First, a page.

Page Banner

United States Department of Agriculture

Agricultural Research Service

Research Project: ECOLOGY AND MANAGEMENT OF GRASSHOPPERS AND OTHER INSECT PESTS IN THE NORTHERN GREAT PLAINS

Location: Pest Management Research Unit

Title: Cannibal Crickets on a Forced March for Protein and Salt

Authors
item Simpson, Stephen - UNIVERSITY OF SYDNEY, AUS
item Sword, Gregory
item Lorch, Patrick
item Cousin, Lain - PRINCETON UNIVERSITY

Submitted to: Journal of the National Academy of Sciences
Publication Type: Peer Reviewed Journal
Publication Acceptance Date: March 3, 2006
Publication Date: March 14, 2006
Repository URL: http://hdl.handle.net/10113/2724
Citation: Simpson, S.J., Sword, G.A., Lorch, P.D., Couzin, L.D. 2006. Cannibal crickets on a forced march for protein and salt. Proceedings of the National Academy of Sciences. 103(11):4152-4156.

Interpretive Summary: Swarming and mass migration are spectacular and sometimes devastating features of the biology of various animal species. These phenomena are typically associated with actual or anticipated depletion of food resources after an increase in population density, but the mechanisms driving such collective movements are poorly understood. Here we reveal that insects in large, coordinated migratory bands consisting of millions of Mormon crickets in western North America were deprived of two essential nutritional resources: protein and salt. The insects themselves provided a major source of these nutrients, and cannibalism was rife. We show that protein and salt satiation reduced cannibalism and that protein satiation inhibited walking. Additionally, experimentally reducing the motility or mobility of crickets substantially increased their risk of being cannibalized by other band members. As a result, the availability of protein and salt in the habitat will influence the extent to which bands march, both through the direct effect of nutrient state on locomotion and indirectly through the threat of cannibalism by resource-deprived crickets approaching from the rear. The crickets are, in effect, on a forced march. Migratory band formation and subsequent mass movement, therefore, are manifestations of specific tradeoffs between the costs and benefits of group living. Bands afford antipredator benefits to individual group members. Group movement then mitigates the resulting costs of intraspecific competition, namely local depletion of nutritional resources and the associated increased risk of cannibalism.

Technical Abstract: Swarming and mass migration are spectacular and sometimes devastating features of the biology of various animal species. These phenomena are typically associated with actual or anticipated depletion of food resources after an increase in population density, but the mechanisms driving such collective movements are poorly understood. Here we reveal that insects in large, coordinated migratory bands consisting of millions of Mormon crickets in western North America were deprived of two essential nutritional resources: protein and salt. The insects themselves provided a major source of these nutrients, and cannibalism was rife. We show that protein and salt satiation reduced cannibalism and that protein satiation inhibited walking. Additionally, experimentally reducing the motility or mobility of crickets substantially increased their risk of being cannibalized by other band members. As a result, the availability of protein and salt in the habitat will influence the extent to which bands march, both through the direct effect of nutrient state on locomotion and indirectly through the threat of cannibalism by resource-deprived crickets approaching from the rear. The crickets are, in effect, on a forced march. Migratory band formation and subsequent mass movement, therefore, are manifestations of specific tradeoffs between the costs and benefits of group living. Bands afford antipredator benefits to individual group members. Group movement then mitigates the resulting costs of intraspecific competition, namely local depletion of nutritional resources and the associated increased risk of cannibalism.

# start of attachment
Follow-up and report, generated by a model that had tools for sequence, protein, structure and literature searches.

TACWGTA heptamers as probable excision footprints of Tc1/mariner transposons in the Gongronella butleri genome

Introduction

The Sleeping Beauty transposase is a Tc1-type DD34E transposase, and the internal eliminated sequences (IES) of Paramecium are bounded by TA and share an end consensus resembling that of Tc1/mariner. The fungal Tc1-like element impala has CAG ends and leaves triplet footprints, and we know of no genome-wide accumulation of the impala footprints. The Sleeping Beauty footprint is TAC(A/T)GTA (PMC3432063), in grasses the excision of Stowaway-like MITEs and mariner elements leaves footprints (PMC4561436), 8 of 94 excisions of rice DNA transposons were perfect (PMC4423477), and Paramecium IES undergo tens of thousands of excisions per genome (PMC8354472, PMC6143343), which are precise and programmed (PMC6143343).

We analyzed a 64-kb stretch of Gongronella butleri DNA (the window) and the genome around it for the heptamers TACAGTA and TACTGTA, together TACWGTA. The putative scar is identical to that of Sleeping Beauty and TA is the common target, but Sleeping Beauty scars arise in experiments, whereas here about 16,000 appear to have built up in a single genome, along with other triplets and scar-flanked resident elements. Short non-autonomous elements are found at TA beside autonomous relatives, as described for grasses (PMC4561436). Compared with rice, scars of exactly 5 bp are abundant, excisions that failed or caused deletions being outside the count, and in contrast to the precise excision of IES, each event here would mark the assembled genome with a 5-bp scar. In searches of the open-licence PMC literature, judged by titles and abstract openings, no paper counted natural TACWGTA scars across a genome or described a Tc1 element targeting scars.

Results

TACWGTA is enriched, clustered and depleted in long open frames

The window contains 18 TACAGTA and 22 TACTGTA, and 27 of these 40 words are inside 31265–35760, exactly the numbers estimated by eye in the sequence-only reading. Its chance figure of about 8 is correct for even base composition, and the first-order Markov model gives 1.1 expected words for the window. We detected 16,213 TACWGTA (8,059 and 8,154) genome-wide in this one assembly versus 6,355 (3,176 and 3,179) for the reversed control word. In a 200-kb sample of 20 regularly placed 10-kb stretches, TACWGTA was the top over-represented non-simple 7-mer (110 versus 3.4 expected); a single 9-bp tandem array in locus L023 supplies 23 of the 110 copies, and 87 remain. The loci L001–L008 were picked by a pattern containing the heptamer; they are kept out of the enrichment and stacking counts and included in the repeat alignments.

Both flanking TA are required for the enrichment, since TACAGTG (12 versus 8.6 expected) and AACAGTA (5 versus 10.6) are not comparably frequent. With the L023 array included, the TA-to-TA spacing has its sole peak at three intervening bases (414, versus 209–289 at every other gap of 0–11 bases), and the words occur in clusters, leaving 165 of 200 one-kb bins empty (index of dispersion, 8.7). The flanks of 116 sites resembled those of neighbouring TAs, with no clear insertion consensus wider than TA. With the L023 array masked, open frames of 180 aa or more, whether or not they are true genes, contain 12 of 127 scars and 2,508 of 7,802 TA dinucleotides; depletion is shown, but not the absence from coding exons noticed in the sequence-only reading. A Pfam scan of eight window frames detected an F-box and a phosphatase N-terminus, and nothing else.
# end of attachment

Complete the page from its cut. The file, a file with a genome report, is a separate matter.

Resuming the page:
Last Modified: 9/10/2014
Footer Content Back to Top of Page